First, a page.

Psychological corner


One of CFA’s main goals is to seek psychological support to families of victims who appeared in the Caesar photos. We are also dedicating our resources, with the support of our partners and our documentation department, to help finding the photos of loved ones who might have appeared in the photos. Please find below some of the literature related to ambiguous loss and accepting death of a family member.


Definition of ambiguous loss

Ambiguous loss is an unclear loss with no official verification of life or death and thus, no closure. It occurs when a person is missing with no clarity about his or her absence or presence. Ambiguous loss is the most stressful type of loss because there is no proof of finality. (Pauline Boss)


  • Creating a safe space to families in order for them to communicate with each other without judgement or stigmatization. We are families who have been through the pain of identifying our loved ones in the photos and we are working to overcome challenges in order to achieve justice to ourselves and to our loved ones.
  • Supporting them in identifying their loved ones who might have appeared in the photos through our documentation department (Note: this process requires time and patience).
  • Linking families with organizations providing psychological support to family members (Work in progress)
We are working on providing psychological support to families and we hope you can also help us in providing this support by donating to our cause.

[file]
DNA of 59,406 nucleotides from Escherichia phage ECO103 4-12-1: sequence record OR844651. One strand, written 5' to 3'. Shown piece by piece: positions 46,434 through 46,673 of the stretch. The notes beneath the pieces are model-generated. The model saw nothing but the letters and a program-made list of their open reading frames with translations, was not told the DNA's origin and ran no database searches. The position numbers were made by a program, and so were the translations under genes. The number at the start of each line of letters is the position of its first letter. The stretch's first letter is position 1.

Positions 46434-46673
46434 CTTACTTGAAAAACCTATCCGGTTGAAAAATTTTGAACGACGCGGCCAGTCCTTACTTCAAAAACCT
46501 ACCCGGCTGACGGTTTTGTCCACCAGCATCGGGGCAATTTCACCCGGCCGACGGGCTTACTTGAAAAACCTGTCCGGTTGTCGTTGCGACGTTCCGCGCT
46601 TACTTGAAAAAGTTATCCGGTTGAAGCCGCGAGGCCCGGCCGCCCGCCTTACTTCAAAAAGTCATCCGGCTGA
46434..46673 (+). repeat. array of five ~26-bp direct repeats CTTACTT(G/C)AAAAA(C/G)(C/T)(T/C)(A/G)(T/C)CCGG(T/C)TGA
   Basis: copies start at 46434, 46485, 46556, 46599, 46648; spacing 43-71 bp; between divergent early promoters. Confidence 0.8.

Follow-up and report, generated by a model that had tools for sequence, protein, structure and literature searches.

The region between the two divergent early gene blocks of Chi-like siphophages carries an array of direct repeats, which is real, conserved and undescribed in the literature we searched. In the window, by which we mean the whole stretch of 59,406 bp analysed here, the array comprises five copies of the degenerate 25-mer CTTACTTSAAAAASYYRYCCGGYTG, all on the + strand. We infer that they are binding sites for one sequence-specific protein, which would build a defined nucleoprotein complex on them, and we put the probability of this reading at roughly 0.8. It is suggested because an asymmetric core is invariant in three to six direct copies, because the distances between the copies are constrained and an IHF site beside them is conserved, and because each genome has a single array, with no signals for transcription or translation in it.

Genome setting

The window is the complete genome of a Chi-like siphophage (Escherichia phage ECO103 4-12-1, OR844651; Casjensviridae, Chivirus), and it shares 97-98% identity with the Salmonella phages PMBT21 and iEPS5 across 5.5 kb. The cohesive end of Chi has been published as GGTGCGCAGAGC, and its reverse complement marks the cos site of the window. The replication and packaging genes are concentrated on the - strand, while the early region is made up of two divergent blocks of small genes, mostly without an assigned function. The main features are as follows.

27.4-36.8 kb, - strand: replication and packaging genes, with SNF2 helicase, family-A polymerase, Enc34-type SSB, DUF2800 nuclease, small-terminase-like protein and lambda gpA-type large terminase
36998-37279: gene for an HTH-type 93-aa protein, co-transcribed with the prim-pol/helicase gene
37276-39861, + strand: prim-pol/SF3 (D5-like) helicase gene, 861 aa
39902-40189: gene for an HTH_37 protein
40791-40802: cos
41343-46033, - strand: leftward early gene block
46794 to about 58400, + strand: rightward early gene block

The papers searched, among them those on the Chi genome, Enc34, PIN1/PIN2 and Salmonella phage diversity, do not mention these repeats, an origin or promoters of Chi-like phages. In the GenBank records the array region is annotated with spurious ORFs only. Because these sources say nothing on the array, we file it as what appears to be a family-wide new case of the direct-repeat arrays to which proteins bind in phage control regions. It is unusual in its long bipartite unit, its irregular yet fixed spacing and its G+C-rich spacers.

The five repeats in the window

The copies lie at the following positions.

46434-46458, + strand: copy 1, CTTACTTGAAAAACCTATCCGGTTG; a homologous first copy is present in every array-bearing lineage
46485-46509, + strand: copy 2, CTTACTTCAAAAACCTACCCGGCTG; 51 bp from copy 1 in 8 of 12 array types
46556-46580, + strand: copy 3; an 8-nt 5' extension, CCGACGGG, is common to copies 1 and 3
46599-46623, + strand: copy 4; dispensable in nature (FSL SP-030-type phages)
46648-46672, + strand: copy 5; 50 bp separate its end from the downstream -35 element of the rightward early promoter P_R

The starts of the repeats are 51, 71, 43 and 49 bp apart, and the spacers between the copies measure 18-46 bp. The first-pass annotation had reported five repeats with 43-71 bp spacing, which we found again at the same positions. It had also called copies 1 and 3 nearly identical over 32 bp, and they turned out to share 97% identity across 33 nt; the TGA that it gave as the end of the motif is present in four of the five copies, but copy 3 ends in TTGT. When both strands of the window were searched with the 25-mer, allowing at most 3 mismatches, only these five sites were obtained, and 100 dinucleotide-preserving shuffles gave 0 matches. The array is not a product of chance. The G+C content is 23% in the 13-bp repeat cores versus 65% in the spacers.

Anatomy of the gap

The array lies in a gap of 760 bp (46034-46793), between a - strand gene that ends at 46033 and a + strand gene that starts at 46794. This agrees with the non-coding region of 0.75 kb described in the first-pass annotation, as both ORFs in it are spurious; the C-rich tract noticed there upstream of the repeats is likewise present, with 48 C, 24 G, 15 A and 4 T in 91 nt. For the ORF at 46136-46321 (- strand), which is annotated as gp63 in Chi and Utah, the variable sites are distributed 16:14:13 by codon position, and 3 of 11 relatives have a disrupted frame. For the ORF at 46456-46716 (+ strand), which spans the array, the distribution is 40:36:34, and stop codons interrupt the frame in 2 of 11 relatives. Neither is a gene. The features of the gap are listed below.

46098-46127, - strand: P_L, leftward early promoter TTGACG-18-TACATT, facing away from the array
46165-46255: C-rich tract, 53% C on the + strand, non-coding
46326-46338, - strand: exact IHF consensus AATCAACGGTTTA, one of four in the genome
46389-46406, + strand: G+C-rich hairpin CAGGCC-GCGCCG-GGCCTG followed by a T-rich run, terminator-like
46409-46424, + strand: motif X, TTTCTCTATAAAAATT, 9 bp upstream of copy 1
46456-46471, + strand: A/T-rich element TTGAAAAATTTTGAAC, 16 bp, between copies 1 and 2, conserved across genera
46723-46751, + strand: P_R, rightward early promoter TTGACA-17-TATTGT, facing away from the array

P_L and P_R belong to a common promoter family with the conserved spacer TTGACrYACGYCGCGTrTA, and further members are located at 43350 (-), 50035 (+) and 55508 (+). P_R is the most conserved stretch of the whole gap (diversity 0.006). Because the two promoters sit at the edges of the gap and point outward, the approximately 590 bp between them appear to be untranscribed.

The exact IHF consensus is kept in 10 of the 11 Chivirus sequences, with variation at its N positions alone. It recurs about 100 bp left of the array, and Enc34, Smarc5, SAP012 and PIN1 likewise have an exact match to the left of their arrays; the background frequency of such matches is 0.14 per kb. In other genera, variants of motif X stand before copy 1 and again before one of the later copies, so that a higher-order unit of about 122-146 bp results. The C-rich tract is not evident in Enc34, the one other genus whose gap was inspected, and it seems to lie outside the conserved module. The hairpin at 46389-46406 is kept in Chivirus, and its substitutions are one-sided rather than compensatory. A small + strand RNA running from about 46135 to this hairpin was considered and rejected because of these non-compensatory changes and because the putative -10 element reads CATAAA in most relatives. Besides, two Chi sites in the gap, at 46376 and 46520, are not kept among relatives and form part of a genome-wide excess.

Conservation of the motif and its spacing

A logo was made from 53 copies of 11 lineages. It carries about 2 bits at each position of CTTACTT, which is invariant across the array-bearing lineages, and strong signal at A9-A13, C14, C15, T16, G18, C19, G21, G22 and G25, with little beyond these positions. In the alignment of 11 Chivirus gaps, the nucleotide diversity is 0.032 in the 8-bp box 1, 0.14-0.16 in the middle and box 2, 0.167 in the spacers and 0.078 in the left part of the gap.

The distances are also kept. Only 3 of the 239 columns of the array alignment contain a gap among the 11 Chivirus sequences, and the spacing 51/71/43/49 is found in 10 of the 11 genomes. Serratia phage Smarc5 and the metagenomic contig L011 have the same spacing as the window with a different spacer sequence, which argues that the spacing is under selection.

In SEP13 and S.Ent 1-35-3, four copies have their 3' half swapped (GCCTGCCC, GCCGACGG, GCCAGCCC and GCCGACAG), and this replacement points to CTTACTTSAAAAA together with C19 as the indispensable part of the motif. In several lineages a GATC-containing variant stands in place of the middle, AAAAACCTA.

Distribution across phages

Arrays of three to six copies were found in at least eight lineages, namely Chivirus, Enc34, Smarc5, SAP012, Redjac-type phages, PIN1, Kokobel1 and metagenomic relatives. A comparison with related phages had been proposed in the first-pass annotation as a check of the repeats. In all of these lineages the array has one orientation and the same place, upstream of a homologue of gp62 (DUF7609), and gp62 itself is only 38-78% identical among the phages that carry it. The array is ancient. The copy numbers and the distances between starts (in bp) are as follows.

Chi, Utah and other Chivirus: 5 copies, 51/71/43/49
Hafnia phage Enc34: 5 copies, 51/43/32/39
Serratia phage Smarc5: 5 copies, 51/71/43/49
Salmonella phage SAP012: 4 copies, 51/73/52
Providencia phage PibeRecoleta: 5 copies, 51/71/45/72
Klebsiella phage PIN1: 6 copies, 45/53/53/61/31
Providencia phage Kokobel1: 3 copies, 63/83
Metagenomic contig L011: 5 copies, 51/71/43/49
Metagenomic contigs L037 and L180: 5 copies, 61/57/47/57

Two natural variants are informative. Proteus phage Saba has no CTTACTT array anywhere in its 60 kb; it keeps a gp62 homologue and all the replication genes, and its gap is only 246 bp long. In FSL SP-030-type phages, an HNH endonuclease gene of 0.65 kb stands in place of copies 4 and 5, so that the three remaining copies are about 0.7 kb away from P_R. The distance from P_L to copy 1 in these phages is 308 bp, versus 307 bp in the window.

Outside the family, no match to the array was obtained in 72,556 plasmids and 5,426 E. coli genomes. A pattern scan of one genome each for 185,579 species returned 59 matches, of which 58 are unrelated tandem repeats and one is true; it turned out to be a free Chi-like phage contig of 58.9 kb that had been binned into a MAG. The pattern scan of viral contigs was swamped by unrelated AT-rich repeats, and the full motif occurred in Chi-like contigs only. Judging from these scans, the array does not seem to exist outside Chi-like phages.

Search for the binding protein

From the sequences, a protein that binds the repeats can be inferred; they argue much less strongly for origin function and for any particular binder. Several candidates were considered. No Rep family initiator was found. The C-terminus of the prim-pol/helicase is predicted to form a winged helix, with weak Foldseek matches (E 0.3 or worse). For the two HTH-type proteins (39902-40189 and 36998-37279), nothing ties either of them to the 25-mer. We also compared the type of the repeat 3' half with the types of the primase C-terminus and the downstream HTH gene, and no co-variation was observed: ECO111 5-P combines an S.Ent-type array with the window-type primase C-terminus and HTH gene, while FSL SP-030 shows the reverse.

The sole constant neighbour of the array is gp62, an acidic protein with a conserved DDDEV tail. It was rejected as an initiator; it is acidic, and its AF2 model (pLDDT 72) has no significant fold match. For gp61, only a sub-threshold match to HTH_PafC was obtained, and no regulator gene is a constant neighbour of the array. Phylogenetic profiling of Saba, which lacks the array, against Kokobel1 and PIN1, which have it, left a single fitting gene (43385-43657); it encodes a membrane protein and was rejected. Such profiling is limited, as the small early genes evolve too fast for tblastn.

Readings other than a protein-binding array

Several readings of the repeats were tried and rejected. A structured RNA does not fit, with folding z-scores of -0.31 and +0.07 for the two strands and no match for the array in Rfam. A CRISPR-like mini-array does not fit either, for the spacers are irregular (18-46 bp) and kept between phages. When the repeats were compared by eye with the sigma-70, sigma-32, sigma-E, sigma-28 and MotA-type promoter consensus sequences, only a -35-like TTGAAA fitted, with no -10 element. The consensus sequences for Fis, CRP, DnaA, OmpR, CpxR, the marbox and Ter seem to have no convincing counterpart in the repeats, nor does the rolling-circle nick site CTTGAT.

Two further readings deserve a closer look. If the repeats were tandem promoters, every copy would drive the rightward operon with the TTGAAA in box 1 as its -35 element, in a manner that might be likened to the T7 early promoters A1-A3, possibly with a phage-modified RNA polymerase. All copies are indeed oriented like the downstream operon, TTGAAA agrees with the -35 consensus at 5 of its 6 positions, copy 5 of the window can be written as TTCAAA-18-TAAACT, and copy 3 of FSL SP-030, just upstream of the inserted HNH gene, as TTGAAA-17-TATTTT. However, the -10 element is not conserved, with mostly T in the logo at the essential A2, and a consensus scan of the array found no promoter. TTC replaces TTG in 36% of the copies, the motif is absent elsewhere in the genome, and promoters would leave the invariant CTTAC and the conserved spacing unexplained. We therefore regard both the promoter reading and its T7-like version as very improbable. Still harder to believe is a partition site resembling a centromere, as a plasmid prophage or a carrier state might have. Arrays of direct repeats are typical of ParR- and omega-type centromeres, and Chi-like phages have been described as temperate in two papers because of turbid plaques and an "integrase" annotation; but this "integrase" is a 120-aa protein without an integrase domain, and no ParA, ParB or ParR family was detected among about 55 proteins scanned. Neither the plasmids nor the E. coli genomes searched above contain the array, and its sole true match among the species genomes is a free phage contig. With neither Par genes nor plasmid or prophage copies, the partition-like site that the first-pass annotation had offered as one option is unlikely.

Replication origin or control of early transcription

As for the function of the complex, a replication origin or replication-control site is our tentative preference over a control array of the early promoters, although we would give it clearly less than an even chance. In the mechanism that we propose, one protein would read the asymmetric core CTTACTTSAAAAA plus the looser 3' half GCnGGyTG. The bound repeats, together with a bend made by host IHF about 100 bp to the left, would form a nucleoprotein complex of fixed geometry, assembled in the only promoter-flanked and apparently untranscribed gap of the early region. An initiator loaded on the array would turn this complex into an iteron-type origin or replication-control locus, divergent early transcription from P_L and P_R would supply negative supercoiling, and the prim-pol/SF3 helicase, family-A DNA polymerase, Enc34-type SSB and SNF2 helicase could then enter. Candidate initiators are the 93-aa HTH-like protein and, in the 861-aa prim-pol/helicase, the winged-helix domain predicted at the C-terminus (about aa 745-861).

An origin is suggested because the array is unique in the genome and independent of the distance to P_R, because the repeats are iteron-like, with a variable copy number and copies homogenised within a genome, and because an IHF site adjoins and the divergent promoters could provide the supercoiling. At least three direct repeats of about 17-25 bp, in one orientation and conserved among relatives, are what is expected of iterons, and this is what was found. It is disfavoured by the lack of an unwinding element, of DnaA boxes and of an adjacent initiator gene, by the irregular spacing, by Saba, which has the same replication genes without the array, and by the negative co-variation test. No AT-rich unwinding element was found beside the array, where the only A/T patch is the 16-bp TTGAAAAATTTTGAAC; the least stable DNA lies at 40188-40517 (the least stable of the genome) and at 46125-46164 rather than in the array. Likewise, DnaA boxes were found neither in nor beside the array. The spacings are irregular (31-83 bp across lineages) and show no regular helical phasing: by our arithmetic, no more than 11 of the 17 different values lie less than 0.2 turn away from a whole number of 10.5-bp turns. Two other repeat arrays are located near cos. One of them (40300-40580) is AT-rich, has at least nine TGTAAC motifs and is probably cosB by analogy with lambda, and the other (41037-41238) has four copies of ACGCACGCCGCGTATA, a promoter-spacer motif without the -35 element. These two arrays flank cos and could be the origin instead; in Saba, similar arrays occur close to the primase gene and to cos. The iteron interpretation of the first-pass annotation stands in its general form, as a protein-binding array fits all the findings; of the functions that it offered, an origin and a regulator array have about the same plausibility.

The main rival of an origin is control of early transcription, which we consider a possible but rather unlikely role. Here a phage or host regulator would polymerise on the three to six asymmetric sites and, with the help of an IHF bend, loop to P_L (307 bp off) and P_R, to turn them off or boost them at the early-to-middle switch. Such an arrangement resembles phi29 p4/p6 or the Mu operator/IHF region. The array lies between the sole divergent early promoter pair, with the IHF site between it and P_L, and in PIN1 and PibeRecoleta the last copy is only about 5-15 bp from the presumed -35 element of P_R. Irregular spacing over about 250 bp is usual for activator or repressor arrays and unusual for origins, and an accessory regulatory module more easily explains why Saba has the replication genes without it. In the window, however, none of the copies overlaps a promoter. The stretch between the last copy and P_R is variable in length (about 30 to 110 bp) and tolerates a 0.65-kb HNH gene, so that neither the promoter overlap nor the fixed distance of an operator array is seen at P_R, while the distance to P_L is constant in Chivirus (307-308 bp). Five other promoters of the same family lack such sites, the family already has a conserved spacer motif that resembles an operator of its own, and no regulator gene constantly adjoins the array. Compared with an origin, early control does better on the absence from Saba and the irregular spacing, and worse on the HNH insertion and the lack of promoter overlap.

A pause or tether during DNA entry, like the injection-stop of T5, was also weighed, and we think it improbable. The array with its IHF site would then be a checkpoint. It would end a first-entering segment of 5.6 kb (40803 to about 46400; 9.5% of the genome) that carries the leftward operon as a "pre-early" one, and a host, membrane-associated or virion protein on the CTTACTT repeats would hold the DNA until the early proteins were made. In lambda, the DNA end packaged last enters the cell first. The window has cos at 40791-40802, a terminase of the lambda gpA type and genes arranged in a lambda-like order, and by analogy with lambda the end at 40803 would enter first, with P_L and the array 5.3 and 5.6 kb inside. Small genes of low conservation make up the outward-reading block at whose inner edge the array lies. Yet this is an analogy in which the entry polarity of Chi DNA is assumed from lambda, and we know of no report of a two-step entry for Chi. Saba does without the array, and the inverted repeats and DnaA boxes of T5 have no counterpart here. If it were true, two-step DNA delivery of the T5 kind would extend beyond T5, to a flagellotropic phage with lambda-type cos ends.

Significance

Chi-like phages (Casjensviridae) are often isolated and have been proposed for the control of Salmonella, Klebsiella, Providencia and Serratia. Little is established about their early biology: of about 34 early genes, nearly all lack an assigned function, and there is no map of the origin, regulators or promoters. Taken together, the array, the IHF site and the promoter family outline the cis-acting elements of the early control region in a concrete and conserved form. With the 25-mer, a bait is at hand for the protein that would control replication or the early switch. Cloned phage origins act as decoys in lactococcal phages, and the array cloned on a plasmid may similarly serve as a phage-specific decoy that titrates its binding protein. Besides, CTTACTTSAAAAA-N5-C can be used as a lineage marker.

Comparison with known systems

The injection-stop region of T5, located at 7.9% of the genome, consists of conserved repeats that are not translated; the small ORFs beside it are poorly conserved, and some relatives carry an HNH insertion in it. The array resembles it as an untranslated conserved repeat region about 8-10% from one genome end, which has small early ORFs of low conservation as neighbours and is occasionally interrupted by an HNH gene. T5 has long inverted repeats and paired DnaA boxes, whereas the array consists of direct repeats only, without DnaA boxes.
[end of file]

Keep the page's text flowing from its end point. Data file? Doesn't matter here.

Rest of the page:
Transitional justice and the Missing

  • It is a process that takes place by degrees and depends on several factors, internal and external.

    Internal factors are related to individual characteristics and beliefs.

    External factors include such things as:

    • Information from witnesses about the possibility that the missing person is dead – Official statements.
    • Change in the political situation: at the end of a conflict, for example, when all prisoners have been released and there is still no trace of the missing person.
    • Religious ruling (e.g. declaring the missing person a shahid, or martyr) or laws that permit the acceptance or declaration of the death after a certain period
    • Confrontation with the possibility of death, when exhumations are carried out or during other specific moments
    • Support from immediate social environment (group of families, friends, family unit)